I started off running very well, at what I thought was a moderate pace, but I found myself getting winded after the first mile. From there, the rest of the run was a run/walk combo. I would run as long as I could, and then I would walk until I felt like I had recovered enough to run again.
All in all, I finished the entire race in just over 37 minutes. According to Strava, I completed a 5k distance in 35:46. That time was not bad considering my training goal had been to finish in 35 minutes. 46 seconds off my goal is nothing to sneeze at. It was a fun run and I was glad my family was there to support me. So, I can’t complain about this run at all, even if we did get soaked at the end.
4th/5th of July Run
A month after the Fleet Feet fun run, it was now time to run my official 5k race. Now, this was not a race in any sense of the word. It was simply me going out for a 5k run on a Friday morning. I had planned to run it on the 4th, but wasn’t feeling too great that morning & planned to do it in the afternoon. But, then life happened and the run didn’t. So, the 5th it was.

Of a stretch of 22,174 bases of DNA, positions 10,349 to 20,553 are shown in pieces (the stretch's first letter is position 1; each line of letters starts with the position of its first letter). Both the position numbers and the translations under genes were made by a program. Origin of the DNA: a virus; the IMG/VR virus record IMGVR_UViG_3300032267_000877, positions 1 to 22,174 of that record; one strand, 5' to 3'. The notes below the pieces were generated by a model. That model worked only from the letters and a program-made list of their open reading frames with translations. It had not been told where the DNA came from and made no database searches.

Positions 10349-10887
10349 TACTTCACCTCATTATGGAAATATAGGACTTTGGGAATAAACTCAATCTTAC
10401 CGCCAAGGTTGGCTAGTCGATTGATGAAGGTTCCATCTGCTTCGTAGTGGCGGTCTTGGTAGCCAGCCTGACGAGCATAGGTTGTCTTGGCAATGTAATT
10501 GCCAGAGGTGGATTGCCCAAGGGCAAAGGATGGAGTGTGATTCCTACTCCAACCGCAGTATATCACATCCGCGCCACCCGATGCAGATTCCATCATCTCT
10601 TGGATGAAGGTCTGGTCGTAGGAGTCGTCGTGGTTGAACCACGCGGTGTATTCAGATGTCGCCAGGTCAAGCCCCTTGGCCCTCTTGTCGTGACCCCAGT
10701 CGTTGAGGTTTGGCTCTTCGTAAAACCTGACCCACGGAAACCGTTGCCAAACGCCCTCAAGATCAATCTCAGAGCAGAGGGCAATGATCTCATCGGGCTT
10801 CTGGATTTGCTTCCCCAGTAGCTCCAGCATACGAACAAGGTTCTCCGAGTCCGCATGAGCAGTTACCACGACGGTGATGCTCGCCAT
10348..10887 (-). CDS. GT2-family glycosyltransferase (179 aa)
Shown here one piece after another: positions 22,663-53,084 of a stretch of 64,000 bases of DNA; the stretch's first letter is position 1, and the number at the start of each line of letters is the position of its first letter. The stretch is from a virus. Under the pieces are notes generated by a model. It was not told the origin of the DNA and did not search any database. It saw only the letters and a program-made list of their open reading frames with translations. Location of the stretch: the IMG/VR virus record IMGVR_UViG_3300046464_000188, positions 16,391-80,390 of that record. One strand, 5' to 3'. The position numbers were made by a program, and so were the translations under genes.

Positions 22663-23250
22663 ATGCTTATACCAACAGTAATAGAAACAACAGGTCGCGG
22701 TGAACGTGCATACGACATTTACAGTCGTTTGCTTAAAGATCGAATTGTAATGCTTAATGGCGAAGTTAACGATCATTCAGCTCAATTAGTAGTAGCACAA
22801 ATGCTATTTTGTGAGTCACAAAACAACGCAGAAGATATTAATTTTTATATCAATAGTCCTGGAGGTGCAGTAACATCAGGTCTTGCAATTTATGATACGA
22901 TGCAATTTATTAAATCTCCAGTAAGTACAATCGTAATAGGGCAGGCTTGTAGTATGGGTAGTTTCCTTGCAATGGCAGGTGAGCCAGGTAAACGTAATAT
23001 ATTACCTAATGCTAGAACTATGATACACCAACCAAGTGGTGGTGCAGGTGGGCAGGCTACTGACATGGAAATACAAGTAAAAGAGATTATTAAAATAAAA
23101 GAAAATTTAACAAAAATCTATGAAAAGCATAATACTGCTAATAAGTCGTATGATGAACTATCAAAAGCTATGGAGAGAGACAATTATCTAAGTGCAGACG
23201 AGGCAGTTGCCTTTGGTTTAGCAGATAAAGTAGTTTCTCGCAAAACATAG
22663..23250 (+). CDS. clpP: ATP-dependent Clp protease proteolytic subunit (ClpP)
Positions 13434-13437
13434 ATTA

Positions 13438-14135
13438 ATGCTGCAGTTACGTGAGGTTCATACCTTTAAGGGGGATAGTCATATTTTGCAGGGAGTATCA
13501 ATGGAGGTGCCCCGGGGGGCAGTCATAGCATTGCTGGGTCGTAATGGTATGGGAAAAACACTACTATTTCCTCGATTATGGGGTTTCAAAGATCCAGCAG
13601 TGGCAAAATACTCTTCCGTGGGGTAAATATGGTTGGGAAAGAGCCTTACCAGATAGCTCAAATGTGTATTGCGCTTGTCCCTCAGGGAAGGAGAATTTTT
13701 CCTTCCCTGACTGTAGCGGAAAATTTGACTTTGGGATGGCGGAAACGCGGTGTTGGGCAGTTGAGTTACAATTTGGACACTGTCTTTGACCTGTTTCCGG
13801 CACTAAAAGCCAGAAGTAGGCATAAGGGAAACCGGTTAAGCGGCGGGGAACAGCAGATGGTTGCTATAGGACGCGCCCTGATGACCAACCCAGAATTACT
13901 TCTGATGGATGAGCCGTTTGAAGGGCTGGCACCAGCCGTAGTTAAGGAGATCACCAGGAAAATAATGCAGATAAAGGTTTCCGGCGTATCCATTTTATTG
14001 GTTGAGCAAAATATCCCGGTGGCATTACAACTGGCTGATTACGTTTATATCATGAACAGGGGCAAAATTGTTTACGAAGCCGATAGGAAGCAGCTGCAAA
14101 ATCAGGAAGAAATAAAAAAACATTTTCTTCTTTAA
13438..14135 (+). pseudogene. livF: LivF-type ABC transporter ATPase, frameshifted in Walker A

I had a feeling this run wasn’t going to go well for me. Over the last half of June I hadn’t stuck very well to the training plan, missing several scheduled runs. I knew this was going to have a negative effect on the end result. But, I went out there and gave it my best effort. My only goal was to get out there and complete the 5k, running the entire thing if I could.
Right before 7am I walked out the door to start my run. It began with a half mile warmup walk around the block. Once I reached the half mile mark I stopped the walking activity on my Polar Vantage V and began the 5k activity. From there, I jogged and kept going until my watch said I had reached my goal. For the first mile I felt great and my legs were good. By the second mile they were starting to get heavy and my heart rate was steadily rising. My only thought was, “how much longer will this take?” But, I kept going forward, one step at a time, one foot in front of the other, never letting myself walk. My run turned to more of a shuffle, but it was never a walk. Once I hit the 3.1 mile mark, I was relieved and then took a slow stroll home to let my heart recover.